Only Sister Zita remained unaffected by the loud screech or the flying dust. She merely continued her silent prayer. The spinning globe began to shudder violently almost as if it were about to fly apart. It began to wobble back and forth, ready to tumble off the table and shatter on the ground below.

Just as it was about to topple, the globe suddenly slowed, coming to a stop far quicker than it had taken to speed up. As it finally squeaked and shuddered to a stop, Sister Zita reached out a hand, made a final sign of the cross, and laid a single finger on the globe. A small burst of light appeared beneath her finger and a sound like a chime sounded in the air. Zita shuddered and let out a smiling sigh.

When she opened her eyes, she found all three brothers crowded around her, staring at the point her finger marked. “Somewhere in the Ukraine, I think” Brother Donald noted, peering at the unmarked landmass which held the vague shape of central Europe.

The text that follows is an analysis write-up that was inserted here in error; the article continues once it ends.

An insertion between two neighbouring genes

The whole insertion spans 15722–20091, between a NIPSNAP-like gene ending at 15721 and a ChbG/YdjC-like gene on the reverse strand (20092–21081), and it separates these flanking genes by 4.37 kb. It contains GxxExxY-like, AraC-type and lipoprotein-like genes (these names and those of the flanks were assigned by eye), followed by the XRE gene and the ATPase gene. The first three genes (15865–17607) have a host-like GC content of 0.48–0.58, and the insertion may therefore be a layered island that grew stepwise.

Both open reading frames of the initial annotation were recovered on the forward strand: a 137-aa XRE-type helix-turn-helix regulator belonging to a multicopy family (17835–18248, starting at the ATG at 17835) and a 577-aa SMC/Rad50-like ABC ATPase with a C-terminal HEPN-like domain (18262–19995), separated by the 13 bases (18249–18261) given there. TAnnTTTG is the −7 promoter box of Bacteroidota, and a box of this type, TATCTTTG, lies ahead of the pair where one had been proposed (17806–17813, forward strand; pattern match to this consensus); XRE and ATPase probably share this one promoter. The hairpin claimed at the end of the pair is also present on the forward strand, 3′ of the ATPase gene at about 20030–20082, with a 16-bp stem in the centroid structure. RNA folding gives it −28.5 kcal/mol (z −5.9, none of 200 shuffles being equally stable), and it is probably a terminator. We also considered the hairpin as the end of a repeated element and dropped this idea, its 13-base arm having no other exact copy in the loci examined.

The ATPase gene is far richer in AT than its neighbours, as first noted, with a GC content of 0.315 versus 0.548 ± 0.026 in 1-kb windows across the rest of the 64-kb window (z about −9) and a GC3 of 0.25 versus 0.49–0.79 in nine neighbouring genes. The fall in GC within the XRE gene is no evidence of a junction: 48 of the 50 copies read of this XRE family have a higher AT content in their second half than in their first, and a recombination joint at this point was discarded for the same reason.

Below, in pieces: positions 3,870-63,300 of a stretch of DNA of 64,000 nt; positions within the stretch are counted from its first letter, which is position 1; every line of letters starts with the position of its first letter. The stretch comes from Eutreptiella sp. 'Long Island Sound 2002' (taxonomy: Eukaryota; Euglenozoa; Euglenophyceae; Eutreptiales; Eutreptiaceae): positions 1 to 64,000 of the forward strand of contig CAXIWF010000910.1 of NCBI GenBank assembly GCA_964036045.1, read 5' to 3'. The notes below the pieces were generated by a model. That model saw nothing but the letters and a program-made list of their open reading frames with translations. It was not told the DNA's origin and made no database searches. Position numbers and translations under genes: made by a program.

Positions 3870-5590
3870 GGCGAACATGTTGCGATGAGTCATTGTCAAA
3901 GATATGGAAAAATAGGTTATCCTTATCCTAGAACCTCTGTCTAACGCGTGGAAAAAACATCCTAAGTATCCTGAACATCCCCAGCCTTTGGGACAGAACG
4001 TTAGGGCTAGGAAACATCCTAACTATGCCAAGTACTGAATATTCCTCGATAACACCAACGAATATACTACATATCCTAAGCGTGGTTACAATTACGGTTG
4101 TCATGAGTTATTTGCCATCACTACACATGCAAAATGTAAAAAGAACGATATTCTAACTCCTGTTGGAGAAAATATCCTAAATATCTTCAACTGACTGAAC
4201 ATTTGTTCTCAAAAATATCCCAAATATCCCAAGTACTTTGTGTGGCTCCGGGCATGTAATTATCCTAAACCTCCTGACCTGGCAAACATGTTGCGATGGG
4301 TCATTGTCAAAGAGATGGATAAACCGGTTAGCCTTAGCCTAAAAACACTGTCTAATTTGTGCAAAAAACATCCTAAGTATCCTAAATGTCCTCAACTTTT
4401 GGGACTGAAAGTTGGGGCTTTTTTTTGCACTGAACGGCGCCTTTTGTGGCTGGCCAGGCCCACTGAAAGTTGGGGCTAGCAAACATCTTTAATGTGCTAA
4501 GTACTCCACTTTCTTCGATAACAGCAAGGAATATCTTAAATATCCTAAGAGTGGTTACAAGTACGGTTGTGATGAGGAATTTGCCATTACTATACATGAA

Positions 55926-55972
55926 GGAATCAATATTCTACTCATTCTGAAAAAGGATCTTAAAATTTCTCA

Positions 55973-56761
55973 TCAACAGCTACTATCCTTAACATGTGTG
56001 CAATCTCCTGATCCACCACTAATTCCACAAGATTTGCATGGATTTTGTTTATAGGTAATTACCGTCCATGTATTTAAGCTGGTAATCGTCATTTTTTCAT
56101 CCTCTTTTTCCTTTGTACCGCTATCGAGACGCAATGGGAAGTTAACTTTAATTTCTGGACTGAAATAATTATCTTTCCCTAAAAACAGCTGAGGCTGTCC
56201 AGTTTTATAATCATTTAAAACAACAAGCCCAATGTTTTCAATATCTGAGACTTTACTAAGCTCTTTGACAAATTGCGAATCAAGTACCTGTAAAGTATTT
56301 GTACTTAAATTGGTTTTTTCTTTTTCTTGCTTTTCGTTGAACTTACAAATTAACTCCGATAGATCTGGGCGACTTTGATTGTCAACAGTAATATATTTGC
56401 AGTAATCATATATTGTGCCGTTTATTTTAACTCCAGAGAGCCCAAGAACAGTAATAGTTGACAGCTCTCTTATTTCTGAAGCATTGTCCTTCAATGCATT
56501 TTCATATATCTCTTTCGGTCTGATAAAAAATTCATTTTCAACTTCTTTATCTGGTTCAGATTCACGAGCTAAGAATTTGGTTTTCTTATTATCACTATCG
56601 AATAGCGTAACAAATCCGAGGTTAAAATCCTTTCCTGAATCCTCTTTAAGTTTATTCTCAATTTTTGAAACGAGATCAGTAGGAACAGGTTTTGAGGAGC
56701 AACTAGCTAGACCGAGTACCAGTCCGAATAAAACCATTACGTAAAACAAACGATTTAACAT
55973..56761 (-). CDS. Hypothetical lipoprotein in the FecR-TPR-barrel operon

“Makes sense. Ukrainians descended from Slavs,” Brother Garth added. “Need to check exact coordinates, of course.” He fetched pen and paper, then scribbled a pair of numbers. He retreated to a computer that looked like it could have been built twenty years prior, though it booted up smoothly with barely a sound.

As Sister Zita excused herself to get composed, the brothers gathered around the computer and watched as Brother Garth looked up the coordinates. It took only a moment. “Kiev,” Brother Garth reported.

“Kiev?” Brother Donald groaned. “The capital. That will make things... problematic.”

“We will find him,” Brother Marcello rumbled.

Brother Donald cast a glance at Marcello. “Well, of course we'll find him. Eventually.” He sighed. “It's just the difference between finding him in a few days and a few months.”

Brother Marcello shrugged his shoulders. “Now or later. It does not matter.” He cracked his knuckles. “We will catch him.”




The Chasers had been in the city for only a week, but had already found a promising lead. Brother Garth had been scouring the internet for any mention of a man riding around in a chariot pulled by a goat. At first, he'd found nothing, but once he replaced the word “chariot” with “cart” he'd found success.